Everything is Connected

I like writing blog posts about wonderful races and wild running adventures. Who can blame me? Writing about these experiences allows me to relive running through beautiful, inspiring places and to take pride in my accomplishments. As I know all too well, though, this is only one part of running. Sometimes there is pain, and frustration, and moments when all your positive momentum comes grinding to a halt. I call this "a blog about running and life" - and so, I feel that my posts should reflect the reality that there are always highs and lows in both. 


The last time I ran uninjured, 6 weeks ago.
Pic: Hilary Matheson
6 weeks post Gorge 100k, and I have finally come to terms with the fact that I am injured. I took 2 1/2 weeks completely off running after the race, and have been trying to "ease" back into it since - with persistent pain in my hip/groin. For those who may have read my glowing blog post about Gorge, I mention that hip pain flaring up at the turnaround point. Which means I ran on it for 50k. The irony is not lost on me that the dogged stubbornness and tolerance for pushing through pain that helps so much in ultra running can be your worst enemy when you are dealing with an injury. If I am completely honest with myself, I have not given my body the time it needs to heal, not really; instead, I have been convincing myself that the pain is getting better, that "motion is lotion", and that if I just keep slowly and consistently working away at coming back to running, my injury will heal.

This is not how healing works.

Healing works by listening to your body. By being honest with yourself about what it needs, and giving it that. And by letting go of that incessant drive to propel yourself forward without veering off course: sometimes (and I know this, I really do!), the only way to get to where you want to go is to stop, take stock, and re-route. 


All smiles during Chuckanut 50k. Pic: Glenn Tachiyama
Like most runners, I am goal-driven, and this year I signed up for quite a few races, anticipating a great season after a strong start with the Chuckanut 50k in March and Gorge in April. The main reason I kept stubbornly trying to build my running back up earlier than I should have was because I had registered for the Sun Mountain 50k race, which is this coming weekend. I finally let go of that - and a little bit of the pressure I put on myself lessened. I took a hard look at my race calendar, and distilled it down to what really matters to me, which is the Squamish 50 in August. I let go of everything else. I want to be fit and healthy for that race - and am now, finally, willing to do what it takes for that to happen. 


So, what will it take? I have, according to best guesses from my doctor, physio, and osteopath, iliopsoas muscle strains on both sides, one slightly worse than the other. This injury is seemingly connected in a complex way to the bilateral mastectomy surgery I had 18 months ago, which over time has caused incremental adjustments in my chest muscles and diaphragm, which has resulted in my psoas and hip being constantly pulled. I first felt some hint of these issues in April last year, when I was suddenly plagued with mysterious sciatic/hamstring pain. A week of rehab and rest seemed to do the trick, and I was off and running again - but the internal pulling never went away, and was essentially a ticking time bomb in my body. Eventually, and somewhat unsurprisingly, I threw the whole system completely over the edge by running 100k - and the bomb went off.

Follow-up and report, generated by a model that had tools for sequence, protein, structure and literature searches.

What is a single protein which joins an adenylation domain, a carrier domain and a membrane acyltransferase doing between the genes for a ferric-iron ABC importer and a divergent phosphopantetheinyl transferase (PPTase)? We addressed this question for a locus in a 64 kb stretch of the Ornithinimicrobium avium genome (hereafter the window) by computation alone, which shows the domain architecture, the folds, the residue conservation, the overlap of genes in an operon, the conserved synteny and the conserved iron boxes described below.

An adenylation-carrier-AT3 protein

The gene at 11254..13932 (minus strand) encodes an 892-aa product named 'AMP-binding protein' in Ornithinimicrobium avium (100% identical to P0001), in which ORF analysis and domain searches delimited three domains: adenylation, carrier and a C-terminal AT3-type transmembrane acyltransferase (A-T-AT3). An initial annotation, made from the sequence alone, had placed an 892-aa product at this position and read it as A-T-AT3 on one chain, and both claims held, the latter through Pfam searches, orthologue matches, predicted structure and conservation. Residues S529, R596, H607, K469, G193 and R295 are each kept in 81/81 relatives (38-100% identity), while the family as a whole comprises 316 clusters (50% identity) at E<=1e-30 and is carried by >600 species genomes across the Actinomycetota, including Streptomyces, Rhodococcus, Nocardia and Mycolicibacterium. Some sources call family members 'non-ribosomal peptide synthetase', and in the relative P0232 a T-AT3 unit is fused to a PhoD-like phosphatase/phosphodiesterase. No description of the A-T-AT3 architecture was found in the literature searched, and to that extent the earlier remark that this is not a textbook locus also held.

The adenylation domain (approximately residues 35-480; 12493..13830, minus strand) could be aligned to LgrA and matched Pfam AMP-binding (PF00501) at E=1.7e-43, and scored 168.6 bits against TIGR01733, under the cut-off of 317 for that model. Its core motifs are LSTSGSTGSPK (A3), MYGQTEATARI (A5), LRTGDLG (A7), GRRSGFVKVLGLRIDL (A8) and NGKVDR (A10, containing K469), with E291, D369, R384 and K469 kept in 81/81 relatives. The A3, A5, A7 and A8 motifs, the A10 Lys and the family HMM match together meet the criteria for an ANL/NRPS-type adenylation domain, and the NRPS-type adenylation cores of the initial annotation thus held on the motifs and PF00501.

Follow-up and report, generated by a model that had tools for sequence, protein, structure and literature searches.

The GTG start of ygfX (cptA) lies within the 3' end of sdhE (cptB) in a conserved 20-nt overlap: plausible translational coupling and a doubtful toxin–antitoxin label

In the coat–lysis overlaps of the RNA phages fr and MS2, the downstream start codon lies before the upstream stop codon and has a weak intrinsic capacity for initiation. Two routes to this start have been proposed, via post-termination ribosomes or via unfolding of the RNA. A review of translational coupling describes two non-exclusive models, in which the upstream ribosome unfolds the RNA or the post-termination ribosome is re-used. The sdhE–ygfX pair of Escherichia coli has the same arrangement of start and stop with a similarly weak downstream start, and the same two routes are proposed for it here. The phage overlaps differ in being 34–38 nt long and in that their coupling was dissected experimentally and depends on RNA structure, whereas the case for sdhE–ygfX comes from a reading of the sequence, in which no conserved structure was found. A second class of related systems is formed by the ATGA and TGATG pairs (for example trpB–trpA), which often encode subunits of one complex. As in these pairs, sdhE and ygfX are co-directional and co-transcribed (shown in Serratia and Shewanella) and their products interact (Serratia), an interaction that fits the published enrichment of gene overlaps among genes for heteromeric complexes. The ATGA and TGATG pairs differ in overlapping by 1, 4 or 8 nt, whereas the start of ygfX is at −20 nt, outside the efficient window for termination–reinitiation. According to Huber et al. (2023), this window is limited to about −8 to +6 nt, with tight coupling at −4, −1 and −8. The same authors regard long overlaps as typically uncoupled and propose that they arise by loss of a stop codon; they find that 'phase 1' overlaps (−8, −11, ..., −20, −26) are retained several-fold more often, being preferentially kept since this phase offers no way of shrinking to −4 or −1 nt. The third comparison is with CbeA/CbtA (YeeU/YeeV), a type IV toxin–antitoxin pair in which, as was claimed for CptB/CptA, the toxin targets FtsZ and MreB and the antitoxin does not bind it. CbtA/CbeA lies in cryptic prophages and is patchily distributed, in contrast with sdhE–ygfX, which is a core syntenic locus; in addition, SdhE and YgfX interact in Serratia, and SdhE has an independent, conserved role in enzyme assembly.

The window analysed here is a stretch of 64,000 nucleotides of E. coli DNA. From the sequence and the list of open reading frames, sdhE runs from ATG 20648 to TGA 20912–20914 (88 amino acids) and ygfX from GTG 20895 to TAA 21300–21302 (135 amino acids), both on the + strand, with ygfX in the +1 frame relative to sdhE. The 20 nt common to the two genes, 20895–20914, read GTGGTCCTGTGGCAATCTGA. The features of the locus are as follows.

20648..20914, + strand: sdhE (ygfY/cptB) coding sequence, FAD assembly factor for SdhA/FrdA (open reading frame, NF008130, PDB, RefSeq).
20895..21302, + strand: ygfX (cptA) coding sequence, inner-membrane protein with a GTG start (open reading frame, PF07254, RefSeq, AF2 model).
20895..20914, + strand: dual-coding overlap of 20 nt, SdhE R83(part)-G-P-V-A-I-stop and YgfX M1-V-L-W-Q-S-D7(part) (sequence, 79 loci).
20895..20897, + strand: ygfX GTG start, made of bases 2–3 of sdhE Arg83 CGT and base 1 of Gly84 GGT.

A strain first and foremost requires rest - which I have been telling myself I was doing, but in retrospect of course haven't been diligent enough about. Sure, I have been diligent about doing hip stabilizing and core strengthening exercises, and yoga, and hip flexor stretching, and foam rolling...but rest? Not my strong suit. To be fair to myself, my physio kept telling me that going for short runs wasn't going to make it worse, and that a little pain while healing is to be expected - but this week my doctor finally said the words that I dreaded, but desperately needed to hear: no running. No running for 3-4 weeks. Stay diligent with the other stuff, yes. But do. not. run.


No shortage of trails to power hike around here.
Pic: Tiff Phillips
It seems like such a ridiculous thing to be so upset about. It's only running, after all - and yet I have gone completely through the 5 stages of grief over this injury. It is frankly a relief to finally reach the acceptance stage, and to be able to move forward in a positive way. I can still hike, as long as my hip doesn't stiffen up afterward. So far, so good on that front. I consider power hiking to be my weakness in ultras - I am stronger on runnable courses, and on steep sections that call for power hiking I tend to lose focus and just kind of... walk. So I am now reframing this as an opportunity to practice something that I am not great at. It still gets me onto my beloved trails every day, with the added bonus that I feel I am still working toward something. 

A couple days ago I was hiking up a steep hill in Squamish, battling feelings of frustration, doubt, and figuratively wondering where to go from here (apparently I was still in the depression stage of grief...). At that moment, I literally saw an arrow chalked into the ground in front of me, which was left over from last month's Squamish 50 orientation run. Clearly, the universe felt I needed a really obvious sign to remind me of my main goal (side note: we also clearly could really use some rain). I paused, laughed out loud, wiped a tear away, breathed my thanks, and kept climbing. Onward and upward, carefully and mindfully paying attention - and I will reach those highs again.
Pointing me toward my goal.

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